During the Civil War in America an almost unknown woman, pondering one night over the great cause at issue between her fellow-countrymen, received a sudden poetic inspiration, and almost at a sitting Julia Ward Howe wrote her "Battle Hymn of the Republic." Henceforth, the men of the North met death or victory with the words of that magnificent song upon their lips.
Many people wondered that a woman should be the author of the most stirring battle song of modern times. History was but repeating itself, for in the ages long ago, Deborah, the first woman poet, had raised her voice to sing of battle and of victory.
It is not, however, as a poet, but in the more unusual character, to our modern conception, of a woman lawgiver, that Deborah first appears upon the scene of history. Deborah was a prophetess, the wife of Lepidoth, and she dwelt under a palm-tree between Raman and Bethel in Mount Ephraim, and the children of Israel came up to her for judgment.
The period was one of the most disastrous in the history of her nation. The Israelites had been passing through successive periods of disobedience and of restoration to Divine favour. Again and again they had fallen into idolatry and sin, and God had left them to the mercy of their enemies. Now they were suffering dire oppression at the hands of Jabin, the King of Canaan. They dwelt in their mountain fastnesses or in the villages of the great plain of Jezreel in terror of their powerful foe. He had mighty implements of war at his command. His chariots of iron numbered nine hundred, and as they rolled through the great valley, the Israelites, husbanding their flocks and herds, trembled with dread of approaching conquest and slaughter. Above all, they feared the mighty general, Sisera, the captain of Jabin's army. In such terror was Sisera held that the men of Israel would not go up to give him battle.
A Woman Lawgiver
Deborah judged Israel at this time. She was, in modern parlance, the chief magistrate of the Jewish nation. She held her court with picturesque simplicity under the shade of a palm-tree. Neither jury nor counsel complicated her verdicts. She judged alone, a sublime figure of prophetic inspiration not unusual amongst the women of Israel.
As she sat under the palm-tree, settling disputes and administering justice, she heard from the people who came up to her for judgment of the oppression which was closing like a vice upon the lives and liberties of those who dwelt nearer to the headquarters of Jabin. At Mount Ephraim she dwelt secure, far removed from the sound of those chariots of iron thundering through the valley of the Kishon, and striking terror and dismay into the hearts of her kinsfolk. Her own tribe of Issachar was suffering most at the hands of the enemy.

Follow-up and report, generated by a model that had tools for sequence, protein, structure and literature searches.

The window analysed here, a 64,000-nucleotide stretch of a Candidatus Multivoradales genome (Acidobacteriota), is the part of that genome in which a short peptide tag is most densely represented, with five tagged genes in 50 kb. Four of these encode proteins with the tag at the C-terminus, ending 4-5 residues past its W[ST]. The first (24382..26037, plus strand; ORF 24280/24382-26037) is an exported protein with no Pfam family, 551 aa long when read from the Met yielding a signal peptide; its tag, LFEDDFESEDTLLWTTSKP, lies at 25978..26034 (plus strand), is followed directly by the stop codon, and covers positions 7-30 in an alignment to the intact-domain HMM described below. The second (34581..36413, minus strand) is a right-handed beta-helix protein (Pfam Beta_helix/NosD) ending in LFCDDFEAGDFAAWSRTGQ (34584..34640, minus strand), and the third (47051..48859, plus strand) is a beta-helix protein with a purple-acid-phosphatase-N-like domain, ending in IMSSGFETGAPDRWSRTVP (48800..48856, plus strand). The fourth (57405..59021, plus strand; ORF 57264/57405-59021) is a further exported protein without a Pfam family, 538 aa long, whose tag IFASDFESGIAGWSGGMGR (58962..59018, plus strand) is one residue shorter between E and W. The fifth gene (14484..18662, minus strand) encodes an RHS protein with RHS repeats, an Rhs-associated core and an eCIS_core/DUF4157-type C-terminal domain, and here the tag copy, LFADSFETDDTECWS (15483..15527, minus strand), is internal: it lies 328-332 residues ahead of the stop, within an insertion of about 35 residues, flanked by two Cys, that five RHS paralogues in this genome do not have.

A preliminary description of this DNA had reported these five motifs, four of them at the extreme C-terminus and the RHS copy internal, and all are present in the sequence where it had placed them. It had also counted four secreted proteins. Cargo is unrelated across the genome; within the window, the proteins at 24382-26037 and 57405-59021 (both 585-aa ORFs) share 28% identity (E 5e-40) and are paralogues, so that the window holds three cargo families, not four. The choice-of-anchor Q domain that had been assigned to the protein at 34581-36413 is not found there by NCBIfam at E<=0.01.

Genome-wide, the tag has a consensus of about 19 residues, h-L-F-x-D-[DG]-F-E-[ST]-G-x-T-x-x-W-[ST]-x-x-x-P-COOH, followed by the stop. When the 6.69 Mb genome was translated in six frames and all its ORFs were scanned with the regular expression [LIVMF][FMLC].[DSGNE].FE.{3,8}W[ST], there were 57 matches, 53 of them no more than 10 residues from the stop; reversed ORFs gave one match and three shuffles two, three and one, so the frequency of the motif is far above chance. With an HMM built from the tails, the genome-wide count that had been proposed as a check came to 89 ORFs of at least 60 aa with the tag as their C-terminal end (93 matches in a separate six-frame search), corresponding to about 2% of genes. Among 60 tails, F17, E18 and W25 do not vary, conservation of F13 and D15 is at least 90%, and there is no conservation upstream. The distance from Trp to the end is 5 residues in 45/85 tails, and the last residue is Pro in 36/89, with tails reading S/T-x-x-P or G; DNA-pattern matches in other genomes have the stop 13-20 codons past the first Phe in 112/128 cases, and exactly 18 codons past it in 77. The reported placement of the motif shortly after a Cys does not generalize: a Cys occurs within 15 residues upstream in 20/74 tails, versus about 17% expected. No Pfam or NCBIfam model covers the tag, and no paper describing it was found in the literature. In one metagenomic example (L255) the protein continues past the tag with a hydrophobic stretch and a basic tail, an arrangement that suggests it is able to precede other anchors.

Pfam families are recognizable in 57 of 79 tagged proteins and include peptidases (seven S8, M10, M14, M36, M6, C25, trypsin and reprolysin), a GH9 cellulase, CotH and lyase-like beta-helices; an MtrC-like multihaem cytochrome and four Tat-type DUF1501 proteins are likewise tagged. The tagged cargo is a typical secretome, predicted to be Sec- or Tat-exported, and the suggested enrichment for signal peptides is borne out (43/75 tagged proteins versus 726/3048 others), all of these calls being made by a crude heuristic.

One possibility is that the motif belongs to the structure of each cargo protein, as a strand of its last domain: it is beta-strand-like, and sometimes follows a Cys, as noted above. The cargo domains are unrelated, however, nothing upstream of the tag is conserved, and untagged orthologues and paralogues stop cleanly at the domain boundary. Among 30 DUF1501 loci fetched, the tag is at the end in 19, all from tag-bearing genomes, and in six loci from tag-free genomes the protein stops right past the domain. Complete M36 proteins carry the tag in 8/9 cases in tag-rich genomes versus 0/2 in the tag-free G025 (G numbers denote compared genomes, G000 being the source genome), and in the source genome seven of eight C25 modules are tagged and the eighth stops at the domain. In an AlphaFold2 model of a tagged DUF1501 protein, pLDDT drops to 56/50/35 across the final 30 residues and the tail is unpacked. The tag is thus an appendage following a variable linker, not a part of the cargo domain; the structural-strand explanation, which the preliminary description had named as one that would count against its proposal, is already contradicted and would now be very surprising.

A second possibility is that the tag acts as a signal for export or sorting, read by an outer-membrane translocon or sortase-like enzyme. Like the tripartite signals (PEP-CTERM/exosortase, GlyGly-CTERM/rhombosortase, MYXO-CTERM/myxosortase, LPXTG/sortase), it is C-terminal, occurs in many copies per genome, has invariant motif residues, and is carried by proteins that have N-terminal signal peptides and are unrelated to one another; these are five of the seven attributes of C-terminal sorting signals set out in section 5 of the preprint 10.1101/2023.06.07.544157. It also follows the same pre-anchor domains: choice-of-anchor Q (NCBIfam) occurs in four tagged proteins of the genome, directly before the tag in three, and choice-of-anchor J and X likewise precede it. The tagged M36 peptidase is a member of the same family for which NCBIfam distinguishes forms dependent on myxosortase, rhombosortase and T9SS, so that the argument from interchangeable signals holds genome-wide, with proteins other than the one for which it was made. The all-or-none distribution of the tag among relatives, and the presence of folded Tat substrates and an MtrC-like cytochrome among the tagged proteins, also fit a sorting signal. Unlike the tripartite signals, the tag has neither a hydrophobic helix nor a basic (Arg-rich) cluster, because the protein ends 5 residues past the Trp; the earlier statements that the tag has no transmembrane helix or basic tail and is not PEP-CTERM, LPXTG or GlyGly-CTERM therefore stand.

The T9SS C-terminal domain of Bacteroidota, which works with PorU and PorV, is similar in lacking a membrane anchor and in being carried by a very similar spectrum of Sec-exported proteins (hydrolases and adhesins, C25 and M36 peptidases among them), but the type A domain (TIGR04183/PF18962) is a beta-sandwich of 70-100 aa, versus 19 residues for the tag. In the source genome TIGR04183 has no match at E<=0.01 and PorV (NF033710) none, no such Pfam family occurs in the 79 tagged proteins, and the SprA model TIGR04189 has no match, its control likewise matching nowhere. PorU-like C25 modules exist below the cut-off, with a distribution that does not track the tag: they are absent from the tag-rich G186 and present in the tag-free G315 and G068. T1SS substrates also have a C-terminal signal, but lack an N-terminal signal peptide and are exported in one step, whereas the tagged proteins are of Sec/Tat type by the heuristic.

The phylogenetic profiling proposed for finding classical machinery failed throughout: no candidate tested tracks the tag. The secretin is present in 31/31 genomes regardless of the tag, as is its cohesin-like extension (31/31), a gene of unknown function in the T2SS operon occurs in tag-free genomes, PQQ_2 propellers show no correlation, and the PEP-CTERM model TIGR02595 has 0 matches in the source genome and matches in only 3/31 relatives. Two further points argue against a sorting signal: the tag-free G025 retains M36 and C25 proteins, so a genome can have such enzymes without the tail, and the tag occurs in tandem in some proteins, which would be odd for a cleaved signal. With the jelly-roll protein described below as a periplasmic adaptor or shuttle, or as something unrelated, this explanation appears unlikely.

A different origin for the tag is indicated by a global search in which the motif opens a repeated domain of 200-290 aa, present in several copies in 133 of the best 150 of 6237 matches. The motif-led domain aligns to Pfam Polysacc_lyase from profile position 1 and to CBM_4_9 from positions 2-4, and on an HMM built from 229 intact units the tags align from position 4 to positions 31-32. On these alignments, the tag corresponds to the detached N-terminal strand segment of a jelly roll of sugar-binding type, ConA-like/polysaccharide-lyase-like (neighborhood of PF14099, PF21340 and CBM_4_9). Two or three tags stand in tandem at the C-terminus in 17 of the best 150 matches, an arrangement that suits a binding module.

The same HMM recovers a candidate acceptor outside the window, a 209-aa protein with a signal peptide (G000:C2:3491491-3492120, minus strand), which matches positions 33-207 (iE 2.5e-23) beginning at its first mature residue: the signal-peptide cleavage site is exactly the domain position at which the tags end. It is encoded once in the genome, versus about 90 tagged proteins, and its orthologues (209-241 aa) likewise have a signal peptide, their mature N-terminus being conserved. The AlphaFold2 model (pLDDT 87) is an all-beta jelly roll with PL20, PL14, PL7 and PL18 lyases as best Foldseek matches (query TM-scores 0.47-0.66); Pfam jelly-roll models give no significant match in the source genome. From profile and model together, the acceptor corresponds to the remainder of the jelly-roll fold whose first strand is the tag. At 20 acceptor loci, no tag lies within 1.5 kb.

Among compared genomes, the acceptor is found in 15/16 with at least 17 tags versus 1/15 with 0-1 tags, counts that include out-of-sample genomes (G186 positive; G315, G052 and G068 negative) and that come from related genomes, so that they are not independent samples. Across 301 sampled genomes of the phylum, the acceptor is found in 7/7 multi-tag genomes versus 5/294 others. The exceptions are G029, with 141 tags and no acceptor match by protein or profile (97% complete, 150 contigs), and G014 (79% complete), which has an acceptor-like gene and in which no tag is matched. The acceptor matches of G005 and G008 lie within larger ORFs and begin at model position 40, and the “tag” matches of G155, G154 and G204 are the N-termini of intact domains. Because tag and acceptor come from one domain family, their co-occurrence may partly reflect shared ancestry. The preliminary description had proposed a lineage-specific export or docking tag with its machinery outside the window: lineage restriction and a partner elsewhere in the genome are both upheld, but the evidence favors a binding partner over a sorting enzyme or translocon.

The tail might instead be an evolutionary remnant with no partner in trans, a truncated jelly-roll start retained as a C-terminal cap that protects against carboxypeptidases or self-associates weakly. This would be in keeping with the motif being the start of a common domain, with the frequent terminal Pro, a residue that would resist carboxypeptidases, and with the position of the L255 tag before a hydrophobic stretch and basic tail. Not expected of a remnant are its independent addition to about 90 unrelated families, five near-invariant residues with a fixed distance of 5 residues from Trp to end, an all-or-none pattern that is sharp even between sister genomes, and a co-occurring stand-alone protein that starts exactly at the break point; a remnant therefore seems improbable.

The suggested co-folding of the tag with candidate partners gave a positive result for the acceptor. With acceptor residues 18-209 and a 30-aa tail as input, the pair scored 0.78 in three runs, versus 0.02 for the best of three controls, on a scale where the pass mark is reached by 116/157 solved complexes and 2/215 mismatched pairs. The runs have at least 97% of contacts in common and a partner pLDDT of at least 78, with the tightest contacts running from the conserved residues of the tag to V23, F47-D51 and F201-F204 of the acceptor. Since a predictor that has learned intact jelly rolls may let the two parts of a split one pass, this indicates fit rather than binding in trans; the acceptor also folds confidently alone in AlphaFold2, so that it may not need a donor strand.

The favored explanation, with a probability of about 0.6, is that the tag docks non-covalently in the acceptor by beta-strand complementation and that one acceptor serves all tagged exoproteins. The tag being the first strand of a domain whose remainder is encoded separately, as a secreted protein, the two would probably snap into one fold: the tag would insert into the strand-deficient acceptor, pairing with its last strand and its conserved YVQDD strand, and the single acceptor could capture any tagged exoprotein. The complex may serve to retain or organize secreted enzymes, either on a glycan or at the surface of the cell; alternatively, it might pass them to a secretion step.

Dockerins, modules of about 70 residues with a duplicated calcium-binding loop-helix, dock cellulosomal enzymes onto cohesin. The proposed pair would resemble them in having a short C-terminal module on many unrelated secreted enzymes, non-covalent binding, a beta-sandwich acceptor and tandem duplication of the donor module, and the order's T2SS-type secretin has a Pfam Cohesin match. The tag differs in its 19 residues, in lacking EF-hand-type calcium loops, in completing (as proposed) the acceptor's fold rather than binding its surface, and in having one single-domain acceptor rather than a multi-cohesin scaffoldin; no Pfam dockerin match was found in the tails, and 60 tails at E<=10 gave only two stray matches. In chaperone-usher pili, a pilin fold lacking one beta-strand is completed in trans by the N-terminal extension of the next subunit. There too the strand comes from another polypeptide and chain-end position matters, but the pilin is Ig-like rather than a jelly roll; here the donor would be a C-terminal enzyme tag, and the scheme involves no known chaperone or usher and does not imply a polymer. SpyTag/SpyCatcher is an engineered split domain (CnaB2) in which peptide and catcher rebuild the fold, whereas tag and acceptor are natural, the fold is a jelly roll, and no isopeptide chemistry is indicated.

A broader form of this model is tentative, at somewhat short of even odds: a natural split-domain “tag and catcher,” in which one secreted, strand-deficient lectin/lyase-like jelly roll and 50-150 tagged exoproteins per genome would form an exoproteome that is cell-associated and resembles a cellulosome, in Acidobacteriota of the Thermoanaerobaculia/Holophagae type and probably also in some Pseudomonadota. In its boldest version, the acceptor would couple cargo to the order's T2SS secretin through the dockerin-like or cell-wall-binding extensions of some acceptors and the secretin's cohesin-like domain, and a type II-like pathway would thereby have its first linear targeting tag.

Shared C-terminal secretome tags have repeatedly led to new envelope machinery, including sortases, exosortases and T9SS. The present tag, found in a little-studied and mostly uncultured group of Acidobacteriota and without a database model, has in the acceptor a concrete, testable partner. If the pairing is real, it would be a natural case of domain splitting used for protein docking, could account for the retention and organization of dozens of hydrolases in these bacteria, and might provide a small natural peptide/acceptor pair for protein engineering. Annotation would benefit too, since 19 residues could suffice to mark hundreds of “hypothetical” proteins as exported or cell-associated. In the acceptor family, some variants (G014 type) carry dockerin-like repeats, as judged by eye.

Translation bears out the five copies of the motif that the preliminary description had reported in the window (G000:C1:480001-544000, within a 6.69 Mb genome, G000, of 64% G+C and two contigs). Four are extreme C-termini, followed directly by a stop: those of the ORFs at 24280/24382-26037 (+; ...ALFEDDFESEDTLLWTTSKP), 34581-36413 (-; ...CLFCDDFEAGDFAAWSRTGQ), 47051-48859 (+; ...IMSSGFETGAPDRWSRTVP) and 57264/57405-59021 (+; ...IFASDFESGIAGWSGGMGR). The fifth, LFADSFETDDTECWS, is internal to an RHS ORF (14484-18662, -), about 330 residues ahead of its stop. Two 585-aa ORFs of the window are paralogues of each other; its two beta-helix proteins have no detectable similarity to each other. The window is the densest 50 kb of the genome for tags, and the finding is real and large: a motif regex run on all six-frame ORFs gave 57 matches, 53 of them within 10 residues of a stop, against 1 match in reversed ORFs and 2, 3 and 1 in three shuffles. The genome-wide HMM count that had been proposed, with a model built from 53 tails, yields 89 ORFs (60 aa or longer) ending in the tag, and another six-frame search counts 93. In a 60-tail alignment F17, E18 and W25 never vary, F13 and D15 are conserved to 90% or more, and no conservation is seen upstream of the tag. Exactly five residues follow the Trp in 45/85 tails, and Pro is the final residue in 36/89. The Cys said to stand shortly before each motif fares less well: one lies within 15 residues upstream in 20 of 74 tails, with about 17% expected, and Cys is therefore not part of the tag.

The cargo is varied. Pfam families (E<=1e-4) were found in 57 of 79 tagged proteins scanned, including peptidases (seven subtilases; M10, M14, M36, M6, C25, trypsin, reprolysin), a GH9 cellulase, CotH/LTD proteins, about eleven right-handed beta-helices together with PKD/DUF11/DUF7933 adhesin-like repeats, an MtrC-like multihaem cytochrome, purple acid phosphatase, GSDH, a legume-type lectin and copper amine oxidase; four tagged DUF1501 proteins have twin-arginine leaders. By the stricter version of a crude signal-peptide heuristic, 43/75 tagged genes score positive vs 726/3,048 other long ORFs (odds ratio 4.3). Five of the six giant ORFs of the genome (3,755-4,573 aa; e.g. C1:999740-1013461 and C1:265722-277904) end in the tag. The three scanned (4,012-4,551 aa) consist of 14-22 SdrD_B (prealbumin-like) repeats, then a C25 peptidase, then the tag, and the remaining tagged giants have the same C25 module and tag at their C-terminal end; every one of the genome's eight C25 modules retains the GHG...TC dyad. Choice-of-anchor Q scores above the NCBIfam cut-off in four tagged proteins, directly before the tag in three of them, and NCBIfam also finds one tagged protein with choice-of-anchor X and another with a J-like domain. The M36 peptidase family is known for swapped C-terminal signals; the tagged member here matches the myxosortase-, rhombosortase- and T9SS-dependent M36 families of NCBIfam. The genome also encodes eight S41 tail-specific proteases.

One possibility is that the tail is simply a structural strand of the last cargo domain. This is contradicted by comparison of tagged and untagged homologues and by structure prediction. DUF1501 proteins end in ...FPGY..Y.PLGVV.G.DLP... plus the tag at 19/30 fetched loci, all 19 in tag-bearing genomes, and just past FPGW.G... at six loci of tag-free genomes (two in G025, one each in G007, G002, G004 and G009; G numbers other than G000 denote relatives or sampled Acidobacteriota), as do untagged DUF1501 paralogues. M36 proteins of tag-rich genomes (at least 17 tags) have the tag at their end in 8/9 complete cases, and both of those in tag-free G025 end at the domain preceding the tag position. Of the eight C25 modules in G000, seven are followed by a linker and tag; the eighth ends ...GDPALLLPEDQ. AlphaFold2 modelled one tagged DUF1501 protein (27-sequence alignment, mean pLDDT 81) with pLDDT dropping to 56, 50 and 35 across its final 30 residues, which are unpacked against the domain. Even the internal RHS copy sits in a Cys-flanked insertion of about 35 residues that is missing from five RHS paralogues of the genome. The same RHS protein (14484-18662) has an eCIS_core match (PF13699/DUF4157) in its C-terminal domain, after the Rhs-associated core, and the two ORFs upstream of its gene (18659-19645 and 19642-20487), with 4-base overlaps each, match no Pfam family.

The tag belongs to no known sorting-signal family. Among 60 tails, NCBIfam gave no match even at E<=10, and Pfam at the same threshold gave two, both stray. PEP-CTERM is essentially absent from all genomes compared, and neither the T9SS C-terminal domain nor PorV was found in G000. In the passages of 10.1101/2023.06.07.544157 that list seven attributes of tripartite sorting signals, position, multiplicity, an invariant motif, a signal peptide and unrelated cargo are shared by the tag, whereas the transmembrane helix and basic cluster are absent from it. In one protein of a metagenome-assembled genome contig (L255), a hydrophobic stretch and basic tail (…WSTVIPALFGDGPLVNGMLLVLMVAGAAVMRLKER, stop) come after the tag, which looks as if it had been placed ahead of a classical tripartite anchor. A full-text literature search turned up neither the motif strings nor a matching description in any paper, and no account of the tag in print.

Despite the increasing gravity of the situation, the army of Israel hesitated to go up against the oppressor. Barak, the captain, and his ten thousand men were paralysed into inactivity. It took a woman to rouse them.
Not only was Deborah to spur on the army to meet the enemy, but she initiated the plan of campaign, sending messengers a hundred miles into Kedesh-naphtali, where Barak was stationed, to rouse him to action. As a prophetess, an acknowledged interpreter of the will of Jehovah, she could speak with authority. Her message was stern, not unmixed with reproach. "Hath not the Lord God of Israel commanded," she said to Barak, "that thou go and draw toward Mount Tabor, and take with thee ten thousand men of the children of Naphtali and of the children of Zebulun?" That was the first strategic step in the campaign, and, as prophesied by Deborah, would have the effect of drawing Sisera, the redoubtable captain of Jabin's army, into the valley of the River Kishon, with "his chariots and his multitude," and there he would be delivered into the hands of the Israelites.
It was the time of year when the river, ordinarily running like a silver streak through the valley, became flooded and swept all before it.
Still, Barak hesitated. He had neither the faith nor the intuition of Deborah. At length he made the unvaliant suggestion: "If thou wilt go with me, then I will go; but if thou wilt not go with me, then I will not go."
Deborah accepted the challenge. She was not afraid of Jabin or Sisera, or their chariots of iron, and their multitudes of warriors. Strong in the faith of the God of her fathers, she set forth for the scene of battle, confident that the hosts of the Canaanites would perish in the flood tide of the Kishon even as the Egyptians had perished in the Red Sea. But though she assured Barak, "I will surely go with thee," she warned him that his cowardice would meet with just retribution: "The journey that thou takest shall not be for thine honour, for the Lord will sell Sisera into the hand of a woman." With this last shaft Deborah arose, folded up the scroll of the law, left her seat of judgment under the peaceful shade of her palm-tree, and went with Barak the long, toilsome journey into Kedesh. It was to be a momentous "Long Vacation," this, of the woman judge.
Her plan of campaign was now swiftly carried into action. Barak mustered his ten thousand men of Zebulun and Naphtali at Kedesh and went up to Mount Tabor, and Deborah went with him.
The news was told to Sisera, and he gathered his chariots of war and his people together in the valley. From their vantage ground in the mountain fastnesses the men of Israel looked down upon the mustering of the foe.
At length Deborah gave the order to advance. She wore no warrior dress, she carried neither ensign nor sword, but we can picture her, a majestic figure on the mountain brow, her face illumined with patriotic fire, and her eyes aglow with Divine inspiration, as she commanded Barak: "Up, for this is the day in which the Lord has delivered Sisera into thine hand; is not the Lord gone out before thee?"